Ray and Shannon have been on the Paleo diet for years and wanted to have appealing grain-free items at Grown. Vegetables get the respect they deserve here, and both the grilled portobello mushrooms and the roasted Brussels sprouts with garlic are well seasoned and perfectly cooked. Pair them with the oven-roasted tomato sauce for extra oomph.
Lunch for two with a slice of pumpkin pie (desserts change daily) costs $40. Fare that's freshly prepared, flavorful, and organic comes at a price, and the Allens recognize that the cost creates a barrier. Their dream is for all food to be organic, which in turn will drive prices down. But the crowd at Grown — which includes police officers, construction workers, and stay-at-home-moms — is proof they're doing just fine in the meantime.
Farther north, in Miami Beach's Sunset Harbour, a different clientele awaits the food at Paradigm Kitchen. The cheery, industrial space with yellow accents is spandex city. Almost every patron has a yoga mat, stroller, or laptop in tow. Sherman meticulously inspects every detail of Paradigm's immaculate open kitchen. Tongs in hand, the owner carefully arranges pickled onions atop the playfully named "hippy poke poke" bowl before sending it out.
Sherman doesn't want to exclude vegans and vegetarians from the "poke party," so he uses tofu marinated in arame (kelp) and wakame to give the bowl a fishy flavor. It works. The dish also features brown rice, passionfruit kimchee, marinated kale, coconut crumble, sunflower sprouts, avocado, and roasted veggies. It's good regardless of whether you like traditional poke because there are ample flavors and textures. It's also surprisingly filling.
Paradigm's creation is a byproduct of the gap Sherman noticed between Jugofresh's customers and people like his three older brothers, who don't want to be limited to raw food and juice. Asked to describe the cuisine, Sherman says, "We're not ascribing to any dogmatic way of feeding people. We're just trying to make conscious healthy food that speaks to the soul."
That said, 85 percent of Paradigm's menu consists of plant-based dishes, with the other 15 reserved for "thoughtful proteins" such as grass-fed beef and local line-caught fish. The kitchen also relies on ghee, rather than traditional unsalted butter, and Himalayan sea salt.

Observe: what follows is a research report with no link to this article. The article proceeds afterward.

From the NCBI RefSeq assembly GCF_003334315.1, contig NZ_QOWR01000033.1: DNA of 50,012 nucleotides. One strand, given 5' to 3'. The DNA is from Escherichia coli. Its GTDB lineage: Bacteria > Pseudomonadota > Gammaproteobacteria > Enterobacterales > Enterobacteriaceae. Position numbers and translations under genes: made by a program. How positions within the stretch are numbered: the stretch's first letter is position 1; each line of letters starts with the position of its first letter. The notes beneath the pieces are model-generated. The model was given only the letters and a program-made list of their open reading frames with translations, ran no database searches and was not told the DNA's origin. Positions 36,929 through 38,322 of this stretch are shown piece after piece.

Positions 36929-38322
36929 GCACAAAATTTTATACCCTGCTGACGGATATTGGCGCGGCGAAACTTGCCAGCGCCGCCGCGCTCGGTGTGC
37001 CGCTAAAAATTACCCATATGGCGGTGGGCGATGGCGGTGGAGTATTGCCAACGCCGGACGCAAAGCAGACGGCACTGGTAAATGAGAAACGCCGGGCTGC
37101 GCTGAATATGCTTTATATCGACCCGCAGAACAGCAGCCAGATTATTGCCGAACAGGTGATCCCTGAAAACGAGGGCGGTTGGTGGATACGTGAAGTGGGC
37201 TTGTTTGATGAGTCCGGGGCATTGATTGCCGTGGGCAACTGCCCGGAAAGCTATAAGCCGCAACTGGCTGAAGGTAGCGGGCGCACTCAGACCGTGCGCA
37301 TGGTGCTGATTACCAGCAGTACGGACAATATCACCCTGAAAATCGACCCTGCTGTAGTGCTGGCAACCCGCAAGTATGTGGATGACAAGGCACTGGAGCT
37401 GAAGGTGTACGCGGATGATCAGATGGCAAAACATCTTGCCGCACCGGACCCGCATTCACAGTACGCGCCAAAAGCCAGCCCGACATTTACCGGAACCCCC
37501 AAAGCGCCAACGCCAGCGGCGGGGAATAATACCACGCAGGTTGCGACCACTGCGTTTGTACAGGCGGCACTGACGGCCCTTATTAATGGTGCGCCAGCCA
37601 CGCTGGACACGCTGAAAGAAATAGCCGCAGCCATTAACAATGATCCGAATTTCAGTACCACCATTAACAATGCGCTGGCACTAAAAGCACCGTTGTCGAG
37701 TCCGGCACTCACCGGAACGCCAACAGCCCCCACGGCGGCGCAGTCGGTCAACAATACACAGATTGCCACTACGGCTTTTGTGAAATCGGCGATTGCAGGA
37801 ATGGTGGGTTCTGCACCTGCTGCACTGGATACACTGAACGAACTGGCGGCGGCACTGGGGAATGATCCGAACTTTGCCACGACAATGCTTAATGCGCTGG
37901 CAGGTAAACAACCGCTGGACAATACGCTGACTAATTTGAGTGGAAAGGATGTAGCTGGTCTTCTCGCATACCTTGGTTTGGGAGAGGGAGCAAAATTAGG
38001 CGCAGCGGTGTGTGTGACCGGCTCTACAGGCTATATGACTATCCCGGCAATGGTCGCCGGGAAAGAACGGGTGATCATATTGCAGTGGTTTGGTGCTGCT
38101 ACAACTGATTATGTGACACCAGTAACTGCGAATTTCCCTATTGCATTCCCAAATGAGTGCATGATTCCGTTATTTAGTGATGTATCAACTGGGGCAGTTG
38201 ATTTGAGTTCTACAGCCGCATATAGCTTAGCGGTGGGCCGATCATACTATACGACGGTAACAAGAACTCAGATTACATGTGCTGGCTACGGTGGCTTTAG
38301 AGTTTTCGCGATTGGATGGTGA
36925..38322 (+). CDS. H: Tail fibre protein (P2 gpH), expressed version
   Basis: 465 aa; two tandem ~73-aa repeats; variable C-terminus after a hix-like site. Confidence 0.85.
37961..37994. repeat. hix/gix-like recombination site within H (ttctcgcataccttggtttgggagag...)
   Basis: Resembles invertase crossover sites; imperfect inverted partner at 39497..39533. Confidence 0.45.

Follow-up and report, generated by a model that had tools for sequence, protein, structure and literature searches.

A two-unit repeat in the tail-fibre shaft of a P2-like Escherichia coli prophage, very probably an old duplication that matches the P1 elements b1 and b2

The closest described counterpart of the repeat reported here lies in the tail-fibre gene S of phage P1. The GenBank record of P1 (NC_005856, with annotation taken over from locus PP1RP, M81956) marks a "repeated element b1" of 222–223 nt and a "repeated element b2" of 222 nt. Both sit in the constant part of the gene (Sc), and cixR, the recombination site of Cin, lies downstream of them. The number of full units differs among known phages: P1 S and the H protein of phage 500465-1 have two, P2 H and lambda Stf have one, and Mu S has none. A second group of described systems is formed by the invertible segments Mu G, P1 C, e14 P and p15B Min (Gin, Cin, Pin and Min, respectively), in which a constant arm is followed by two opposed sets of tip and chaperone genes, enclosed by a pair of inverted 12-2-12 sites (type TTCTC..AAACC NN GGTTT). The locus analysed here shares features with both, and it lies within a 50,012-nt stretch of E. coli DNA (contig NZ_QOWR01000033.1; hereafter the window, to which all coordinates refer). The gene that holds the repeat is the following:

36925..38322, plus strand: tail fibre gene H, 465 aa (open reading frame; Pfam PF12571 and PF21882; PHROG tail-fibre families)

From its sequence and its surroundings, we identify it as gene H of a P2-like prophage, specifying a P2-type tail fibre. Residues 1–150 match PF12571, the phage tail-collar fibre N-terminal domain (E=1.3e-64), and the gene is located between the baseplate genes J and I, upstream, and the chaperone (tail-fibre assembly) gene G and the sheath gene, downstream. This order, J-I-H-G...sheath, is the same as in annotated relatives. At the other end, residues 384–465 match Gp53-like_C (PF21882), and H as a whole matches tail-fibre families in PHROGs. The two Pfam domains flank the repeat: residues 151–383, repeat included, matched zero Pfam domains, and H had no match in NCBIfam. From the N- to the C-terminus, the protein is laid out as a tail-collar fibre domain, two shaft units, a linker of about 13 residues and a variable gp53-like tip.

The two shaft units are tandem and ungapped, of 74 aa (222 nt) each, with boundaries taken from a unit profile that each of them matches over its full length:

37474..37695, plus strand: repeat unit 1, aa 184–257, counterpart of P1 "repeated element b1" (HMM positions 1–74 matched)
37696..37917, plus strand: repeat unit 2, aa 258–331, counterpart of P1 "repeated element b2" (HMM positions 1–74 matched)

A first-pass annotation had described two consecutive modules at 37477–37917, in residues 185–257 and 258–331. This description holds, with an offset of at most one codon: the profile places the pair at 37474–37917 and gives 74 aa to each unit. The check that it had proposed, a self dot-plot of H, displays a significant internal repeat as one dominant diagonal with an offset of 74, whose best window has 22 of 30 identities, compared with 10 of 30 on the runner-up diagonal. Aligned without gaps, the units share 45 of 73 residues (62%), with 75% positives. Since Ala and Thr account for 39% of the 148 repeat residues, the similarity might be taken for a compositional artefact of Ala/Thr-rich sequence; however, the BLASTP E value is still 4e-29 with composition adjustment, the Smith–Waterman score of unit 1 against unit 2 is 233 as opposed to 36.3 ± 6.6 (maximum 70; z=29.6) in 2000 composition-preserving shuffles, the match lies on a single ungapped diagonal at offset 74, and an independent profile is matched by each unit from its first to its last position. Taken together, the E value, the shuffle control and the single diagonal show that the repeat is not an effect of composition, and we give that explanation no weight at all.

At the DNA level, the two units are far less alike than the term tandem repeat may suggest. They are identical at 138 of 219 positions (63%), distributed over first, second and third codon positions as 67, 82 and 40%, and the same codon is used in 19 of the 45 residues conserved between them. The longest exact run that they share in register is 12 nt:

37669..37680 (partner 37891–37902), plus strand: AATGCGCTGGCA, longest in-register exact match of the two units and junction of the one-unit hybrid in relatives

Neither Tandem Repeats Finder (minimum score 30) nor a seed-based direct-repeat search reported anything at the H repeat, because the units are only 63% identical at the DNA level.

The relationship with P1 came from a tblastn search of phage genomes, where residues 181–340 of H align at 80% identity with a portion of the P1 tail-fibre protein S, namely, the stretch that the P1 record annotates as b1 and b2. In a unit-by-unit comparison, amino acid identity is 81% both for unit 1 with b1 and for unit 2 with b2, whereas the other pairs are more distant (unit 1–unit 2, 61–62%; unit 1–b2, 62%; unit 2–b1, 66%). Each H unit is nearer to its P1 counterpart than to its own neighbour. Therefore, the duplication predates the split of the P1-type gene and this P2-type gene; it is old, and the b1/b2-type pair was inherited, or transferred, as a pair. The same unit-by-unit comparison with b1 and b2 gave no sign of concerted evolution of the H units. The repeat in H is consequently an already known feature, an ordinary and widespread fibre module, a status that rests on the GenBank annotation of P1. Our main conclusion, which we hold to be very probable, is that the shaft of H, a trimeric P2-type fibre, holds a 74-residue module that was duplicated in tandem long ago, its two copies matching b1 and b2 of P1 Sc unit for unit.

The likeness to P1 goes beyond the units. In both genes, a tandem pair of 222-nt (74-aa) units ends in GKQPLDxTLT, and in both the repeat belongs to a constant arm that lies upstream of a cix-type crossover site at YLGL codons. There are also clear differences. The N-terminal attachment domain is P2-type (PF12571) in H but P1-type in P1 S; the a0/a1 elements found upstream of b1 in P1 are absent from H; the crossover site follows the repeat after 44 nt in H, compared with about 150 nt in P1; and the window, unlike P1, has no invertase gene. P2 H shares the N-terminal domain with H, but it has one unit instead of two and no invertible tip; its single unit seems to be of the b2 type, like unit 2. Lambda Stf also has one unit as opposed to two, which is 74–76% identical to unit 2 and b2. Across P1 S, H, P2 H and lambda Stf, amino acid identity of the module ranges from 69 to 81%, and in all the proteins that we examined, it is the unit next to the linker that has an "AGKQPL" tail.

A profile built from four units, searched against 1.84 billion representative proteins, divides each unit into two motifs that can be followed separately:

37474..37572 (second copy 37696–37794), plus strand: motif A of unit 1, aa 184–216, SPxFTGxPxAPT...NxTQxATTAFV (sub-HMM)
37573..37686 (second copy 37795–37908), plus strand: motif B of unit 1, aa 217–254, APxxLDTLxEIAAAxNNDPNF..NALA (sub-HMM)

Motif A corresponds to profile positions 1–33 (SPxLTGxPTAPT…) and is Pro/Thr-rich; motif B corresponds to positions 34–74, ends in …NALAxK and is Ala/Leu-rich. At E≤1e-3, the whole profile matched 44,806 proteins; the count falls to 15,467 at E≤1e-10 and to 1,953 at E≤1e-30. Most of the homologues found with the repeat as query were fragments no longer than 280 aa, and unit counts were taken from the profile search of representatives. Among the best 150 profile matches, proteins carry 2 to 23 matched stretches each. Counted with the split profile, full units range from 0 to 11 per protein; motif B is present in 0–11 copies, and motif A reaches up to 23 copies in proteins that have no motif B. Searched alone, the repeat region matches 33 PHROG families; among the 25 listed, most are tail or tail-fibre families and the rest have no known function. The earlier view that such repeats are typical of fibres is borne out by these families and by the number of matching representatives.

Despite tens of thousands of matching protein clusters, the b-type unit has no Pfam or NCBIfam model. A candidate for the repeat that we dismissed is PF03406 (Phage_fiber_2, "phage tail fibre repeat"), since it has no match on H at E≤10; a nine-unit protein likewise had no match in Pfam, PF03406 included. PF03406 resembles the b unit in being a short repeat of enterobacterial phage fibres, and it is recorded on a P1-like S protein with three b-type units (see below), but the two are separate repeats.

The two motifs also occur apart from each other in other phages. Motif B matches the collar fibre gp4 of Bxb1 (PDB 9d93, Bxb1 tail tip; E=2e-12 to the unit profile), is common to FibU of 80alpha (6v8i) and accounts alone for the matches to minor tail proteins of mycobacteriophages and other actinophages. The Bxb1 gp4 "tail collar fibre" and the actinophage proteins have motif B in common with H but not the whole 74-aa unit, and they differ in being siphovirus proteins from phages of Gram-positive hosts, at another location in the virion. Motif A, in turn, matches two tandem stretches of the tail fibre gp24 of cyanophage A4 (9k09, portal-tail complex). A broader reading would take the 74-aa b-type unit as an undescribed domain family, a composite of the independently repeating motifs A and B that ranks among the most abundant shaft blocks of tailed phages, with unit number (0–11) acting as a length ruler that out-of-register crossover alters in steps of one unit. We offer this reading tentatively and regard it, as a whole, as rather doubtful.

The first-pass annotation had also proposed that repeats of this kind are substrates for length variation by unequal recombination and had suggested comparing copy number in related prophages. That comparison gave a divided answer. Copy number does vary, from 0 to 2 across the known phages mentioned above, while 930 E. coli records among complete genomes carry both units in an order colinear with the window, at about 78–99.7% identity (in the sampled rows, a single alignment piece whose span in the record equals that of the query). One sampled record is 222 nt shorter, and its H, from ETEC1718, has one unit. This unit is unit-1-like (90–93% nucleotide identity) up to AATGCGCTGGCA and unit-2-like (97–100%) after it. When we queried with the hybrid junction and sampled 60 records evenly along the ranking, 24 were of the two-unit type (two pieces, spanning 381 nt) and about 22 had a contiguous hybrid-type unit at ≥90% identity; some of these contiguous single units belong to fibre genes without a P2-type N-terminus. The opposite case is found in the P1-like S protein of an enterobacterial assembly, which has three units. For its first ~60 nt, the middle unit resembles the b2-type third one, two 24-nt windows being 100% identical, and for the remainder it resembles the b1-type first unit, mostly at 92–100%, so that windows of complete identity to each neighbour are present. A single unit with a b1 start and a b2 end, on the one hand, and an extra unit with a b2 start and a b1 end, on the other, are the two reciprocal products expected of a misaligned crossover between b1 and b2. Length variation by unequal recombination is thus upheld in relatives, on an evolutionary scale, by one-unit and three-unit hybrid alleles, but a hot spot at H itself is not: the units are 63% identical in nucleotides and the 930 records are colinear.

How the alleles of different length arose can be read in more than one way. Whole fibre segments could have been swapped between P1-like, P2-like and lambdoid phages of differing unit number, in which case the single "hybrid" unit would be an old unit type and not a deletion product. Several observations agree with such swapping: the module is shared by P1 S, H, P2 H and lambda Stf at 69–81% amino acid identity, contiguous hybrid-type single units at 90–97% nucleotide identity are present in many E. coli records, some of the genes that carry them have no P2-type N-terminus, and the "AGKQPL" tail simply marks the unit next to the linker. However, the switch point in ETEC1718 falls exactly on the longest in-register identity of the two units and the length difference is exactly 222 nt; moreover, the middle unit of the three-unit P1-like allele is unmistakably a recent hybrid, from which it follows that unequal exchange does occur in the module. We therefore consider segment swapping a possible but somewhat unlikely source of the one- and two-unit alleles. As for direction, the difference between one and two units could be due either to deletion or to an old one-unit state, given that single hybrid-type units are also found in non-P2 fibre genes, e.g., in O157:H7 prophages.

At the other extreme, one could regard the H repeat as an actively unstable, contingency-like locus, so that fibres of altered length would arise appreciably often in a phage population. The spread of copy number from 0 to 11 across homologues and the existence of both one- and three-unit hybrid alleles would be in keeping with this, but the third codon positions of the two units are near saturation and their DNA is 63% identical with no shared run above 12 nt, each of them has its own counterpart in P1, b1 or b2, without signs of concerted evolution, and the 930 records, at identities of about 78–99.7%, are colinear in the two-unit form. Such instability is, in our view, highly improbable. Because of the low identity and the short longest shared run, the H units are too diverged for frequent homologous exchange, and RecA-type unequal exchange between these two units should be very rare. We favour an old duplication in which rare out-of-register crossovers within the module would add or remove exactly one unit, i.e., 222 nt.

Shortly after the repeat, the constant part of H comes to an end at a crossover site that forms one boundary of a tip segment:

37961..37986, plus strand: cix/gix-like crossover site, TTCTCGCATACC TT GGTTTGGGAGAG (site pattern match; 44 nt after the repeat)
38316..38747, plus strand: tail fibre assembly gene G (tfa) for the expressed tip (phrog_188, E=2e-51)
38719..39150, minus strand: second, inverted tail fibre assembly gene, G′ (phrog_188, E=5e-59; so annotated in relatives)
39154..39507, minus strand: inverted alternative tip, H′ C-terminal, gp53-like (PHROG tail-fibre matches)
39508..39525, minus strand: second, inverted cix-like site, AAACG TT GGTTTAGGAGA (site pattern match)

And though Paradigm's cookery is more approachable than Jugofresh's, Sherman uses ingredients that wouldn't necessarily be familiar to the Grown customer. Wraps, for example, are made with dosa, a pancake/crepe composed of rice and black gram. For the eatery's loose interpretation of poutine, sweet potato fries are topped with avocado plus a combination of parsley, nutritional yeast, olive oil, and sea salt to emulate cheese. "It tastes nothing like poutine," Sherman jokes. He's correct. Still, the sweet potato fries and faux gravy make for a yummy and nutritious snack.
A highlight is the vegan and gluten-free pancakes served during breakfast and weekend brunch. They're prepared using flax and garbanzo flour, and arrive with a blueberry lime compote, a pineapple lime compote, sliced bananas, and maple syrup. On the side there's velvety house-made coconut butter that takes nearly three days to make and as many pieces of machinery. It's excellent, as are the pancakes. The only problem is there's not nearly enough blueberry-lime compote.
Soon Paradigm will unveil a food market next door to the café. Also, the eatery will stay open for dinner, and Friday and Saturday evenings, it will convert to a traditional restaurant and offer a tasting menu. "Miami has been starving and desperate for local people to create more offerings," Sherman says. "I get frustrated every time I see another hotel open with another chef who doesn't know what's going on in the community or doesn't care."
He certainly cares about what we eat and where our food comes from, as do the Allens. Shannon, who grew up in Connecticut witth parents who gardened, jarred, and canned, says this movement isn't anything new. "I think we're remembering who we are and that food isn't made or manufactured; it's grown." Here's hoping these influencers achieve the positive change they're working toward.
8211 S. Dixie Hwy., South Miami; 305-663-4769; grown.org. Daily 8 a.m. to 9 p.m.
- Slow-cooked brisket $18
- Portobello mushrooms $15
- Pumpkin pie $4.50
1834 Bay Rd., Miami Beach; 786-453-2488. Monday through Friday 8 a.m. to 5 p.m., Saturday and Sunday 9 a.m. to 3 p.m.
- Hippy poke poke $14.50
- Paradigm poutine $10
- Missionary pancake position $15.50